91. disco

The Romanian Orthodox Church is a dogmatic church, or at least it pretends to be so. Beginning with the 19th century it went through a very powerful process of secularization, which led to the loss of its land ownership in favor of the state. But it also led to the loss of building methodologies associated with Byzantine architecture. The windows of the churches were enlarged, they began to be equipped with stained-glass panels of Catholic inspiration, and round, flower-like windows (rosace) appeared on some of the facades.

The vulgarization of the church as a built object goes further in the 21st century. Taking their inspiration from the mayors of the sectors in Bucharest, who spent enormous sums of money on fountains that were equipped with colored light installations, the priests of several churches agreed to install colored light installations on their edifices, transforming a building that should follow a strict code of symbolic meaning into a visual show of doubtful quality, closely connected to disco music and psychedelic culture, rather than Christianity.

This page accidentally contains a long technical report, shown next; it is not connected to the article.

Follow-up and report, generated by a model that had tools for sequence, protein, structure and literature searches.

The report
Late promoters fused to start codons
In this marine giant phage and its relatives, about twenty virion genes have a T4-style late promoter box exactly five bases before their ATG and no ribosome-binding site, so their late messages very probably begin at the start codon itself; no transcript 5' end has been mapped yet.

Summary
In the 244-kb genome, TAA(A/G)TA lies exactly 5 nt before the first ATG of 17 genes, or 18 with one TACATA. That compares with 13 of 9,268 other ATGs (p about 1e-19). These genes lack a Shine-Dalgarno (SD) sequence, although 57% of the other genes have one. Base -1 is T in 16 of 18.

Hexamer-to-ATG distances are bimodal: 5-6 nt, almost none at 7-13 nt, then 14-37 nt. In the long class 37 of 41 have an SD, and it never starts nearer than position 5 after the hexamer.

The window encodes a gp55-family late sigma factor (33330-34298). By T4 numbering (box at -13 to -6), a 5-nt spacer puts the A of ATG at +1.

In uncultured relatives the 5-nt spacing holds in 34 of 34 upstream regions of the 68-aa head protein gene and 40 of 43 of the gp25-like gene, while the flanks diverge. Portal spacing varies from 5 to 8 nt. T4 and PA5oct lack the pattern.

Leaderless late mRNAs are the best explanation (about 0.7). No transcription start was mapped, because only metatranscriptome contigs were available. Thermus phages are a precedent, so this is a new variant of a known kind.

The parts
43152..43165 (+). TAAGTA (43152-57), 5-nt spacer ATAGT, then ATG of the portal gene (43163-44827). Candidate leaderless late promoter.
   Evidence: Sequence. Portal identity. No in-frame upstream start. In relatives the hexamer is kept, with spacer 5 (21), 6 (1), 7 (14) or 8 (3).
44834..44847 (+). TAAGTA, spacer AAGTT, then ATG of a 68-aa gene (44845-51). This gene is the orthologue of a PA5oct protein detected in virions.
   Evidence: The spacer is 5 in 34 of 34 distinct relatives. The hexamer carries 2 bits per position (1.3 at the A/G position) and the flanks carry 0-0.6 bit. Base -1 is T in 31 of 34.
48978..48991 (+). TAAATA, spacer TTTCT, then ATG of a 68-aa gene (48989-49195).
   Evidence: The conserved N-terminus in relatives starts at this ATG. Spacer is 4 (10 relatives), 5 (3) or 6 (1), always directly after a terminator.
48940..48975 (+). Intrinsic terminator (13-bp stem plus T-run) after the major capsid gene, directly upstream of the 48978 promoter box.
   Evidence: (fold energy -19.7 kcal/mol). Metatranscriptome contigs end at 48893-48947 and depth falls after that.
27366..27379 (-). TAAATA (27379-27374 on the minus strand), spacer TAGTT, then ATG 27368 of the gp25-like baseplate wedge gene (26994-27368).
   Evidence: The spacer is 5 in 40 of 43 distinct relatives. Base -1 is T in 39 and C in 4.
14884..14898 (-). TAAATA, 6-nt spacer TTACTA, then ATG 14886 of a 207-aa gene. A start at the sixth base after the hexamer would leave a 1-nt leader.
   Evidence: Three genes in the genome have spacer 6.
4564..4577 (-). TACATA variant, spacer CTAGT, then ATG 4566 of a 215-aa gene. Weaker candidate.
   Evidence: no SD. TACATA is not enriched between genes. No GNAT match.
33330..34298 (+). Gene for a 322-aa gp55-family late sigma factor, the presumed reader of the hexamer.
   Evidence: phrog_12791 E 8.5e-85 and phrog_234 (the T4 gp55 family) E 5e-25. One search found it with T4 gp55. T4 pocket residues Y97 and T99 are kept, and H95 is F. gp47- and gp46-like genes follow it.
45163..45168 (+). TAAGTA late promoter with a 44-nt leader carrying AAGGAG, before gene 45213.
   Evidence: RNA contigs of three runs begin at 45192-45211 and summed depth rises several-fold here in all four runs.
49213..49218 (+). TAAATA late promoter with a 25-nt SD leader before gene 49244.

The Romanian Orthodox Church is not the only user of this juxtaposition of electric lights and sacred symbols. The residence of Gigi Becali is equipped with the same system, as well as with an enormous cross hovering over the surrounding fence. In his case, the confusion goes even further, because even though he is a self-confessed Orthodox believer, Becali erected a Catholic Christ in front of his house, a sculpture - a kind of representation that is forbidden in the Orthodox code, which only favors the bi-dimensional icon.

These recordings speak about the fact that the incorrect treatment of symbols is encouraged and supported by the church, which is visibly undermining its own discourse in the process. The administration's preference for kitsch meets the preference of the Orthodox Church and that of the nouveau riche, creating a visual style in which a debased Christianity is mixed with bad taste, becoming a characteristic visual language in the public space of Bucharest.